so i've been talking for awhile now about the place midwives should take in public health. in canada, the U.K. and many other countries around the world midwives play an integral role in women's health beyond maternity care.
i'll be writing more on this in the next few months, but in the meantime check out the Future Midwives Alliance.
as student midwives we have to decide how we envision our future roles in public health. we also must recognise the role in public health we play today. we have a unique place in woman's life that goes beyond bettering reproductive health for mothers and babies, beyond creating a sacred space for which women can birth.
we are moving into a position where we have a responsibility to function as a bridge for the public and other health care providers to increase the over all health of women and in turn our communities. this may not be a role that everyone wants to embrace, but it is a role that we all must support.
take a look at the actions aimed at the upcoming CPM symposium in washington this coming march.
although the intentions of the symposium are admirable, they are neglecting to include the voices of future midwives, those of us who will be supporting, working with in and moving these ambitions forward. the future midwives alliance is trying to get student representation present at the symposium so that our voices are heard.
if i weren't going to be on call, and if my wonderful midwife wasn't going to be there, lobbying on the steps capital hill, i'd be there...someone has to be here for our mothers! leave it to the student midwives. thankfully there are two of us!
i encourage all student midwives out there to take a look at these websites, think about where you see yourself, and ask yourself what are your limitations to practice?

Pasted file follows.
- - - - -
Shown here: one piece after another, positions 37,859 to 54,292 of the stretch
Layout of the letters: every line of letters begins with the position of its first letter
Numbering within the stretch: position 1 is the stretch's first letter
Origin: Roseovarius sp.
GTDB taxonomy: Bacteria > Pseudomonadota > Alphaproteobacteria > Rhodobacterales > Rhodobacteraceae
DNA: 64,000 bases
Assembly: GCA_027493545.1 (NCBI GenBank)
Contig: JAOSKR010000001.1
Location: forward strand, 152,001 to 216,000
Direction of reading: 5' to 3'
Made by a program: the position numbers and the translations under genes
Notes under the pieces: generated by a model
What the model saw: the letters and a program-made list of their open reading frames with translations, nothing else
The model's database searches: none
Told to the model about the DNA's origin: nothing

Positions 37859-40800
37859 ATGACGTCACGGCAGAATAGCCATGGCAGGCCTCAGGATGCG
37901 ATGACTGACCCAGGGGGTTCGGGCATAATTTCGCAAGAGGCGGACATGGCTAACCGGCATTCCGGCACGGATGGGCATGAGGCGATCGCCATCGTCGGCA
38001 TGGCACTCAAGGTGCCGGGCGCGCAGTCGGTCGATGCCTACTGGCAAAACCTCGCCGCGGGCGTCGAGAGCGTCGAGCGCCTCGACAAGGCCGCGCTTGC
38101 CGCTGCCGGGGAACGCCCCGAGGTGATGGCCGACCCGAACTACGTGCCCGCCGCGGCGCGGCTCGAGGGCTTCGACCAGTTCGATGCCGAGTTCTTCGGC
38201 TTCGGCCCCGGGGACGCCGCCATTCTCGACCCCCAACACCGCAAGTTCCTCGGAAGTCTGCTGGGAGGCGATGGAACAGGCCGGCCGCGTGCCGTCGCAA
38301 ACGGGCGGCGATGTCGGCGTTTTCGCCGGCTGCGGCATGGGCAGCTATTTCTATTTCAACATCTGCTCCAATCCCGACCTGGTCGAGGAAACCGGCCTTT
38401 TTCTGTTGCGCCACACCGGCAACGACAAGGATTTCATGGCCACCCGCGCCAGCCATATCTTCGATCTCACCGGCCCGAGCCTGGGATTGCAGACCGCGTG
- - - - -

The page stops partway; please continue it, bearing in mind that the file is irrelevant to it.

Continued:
is it possible for midwives to be primary health care providers? should we be?
Below is what CPM symposium aims to achieve:
- a fresh, strengthened sense of ourselves as valuable and primary care providers and midwifery educators in the U.S.
- a dynamic new community of CPMs and educators where many more voices are engaged in creating the maternity care system of the future
- a mutually-held appreciation of the essential roles of education and professional association in strengthening the profession of CPMs
- a clear sense of being equipped to act to achieve our goals
- a deep appreciation of our past, our present situation, and an open thinking about where we can go from here
- a renewed vision and concrete next steps for effectively carrying forward the profession
- a variety of vehicles for engaging CPMs and educators beyond the scope of this event
We ask ourselves: What will success for the profession look like if....
- ...CPMs are fully established as primary maternity care providers in the U.S.?
- ...the CPM workforce reflects the racial and cultural diversity in the U.S. population?
- ...CPMs serve underserved and vulnerable populations?
- ...CPMs serve childbearing women in all settings?
- ...educators and students have the resources necessary to prepare the CPM workforce of the future?
- ...CPMs achieve Federal recognition: for midwives, schools, educators, preceptors and students?
- ...CPMs are fully reimbursed for the range of services and care they provide by all private and public plans?
- ...CPMs attend 5% of U.S. births in the next ten years?
- ...CPMs schools and preceptors teach to evidence-based maternity care?
- ...CPMs fulfill their potential to improve outcomes for women and babies and reduce disparities in the U.S.?
- ...there are adequate educational opportunities to educate enough CPMs to fill the need for midwives?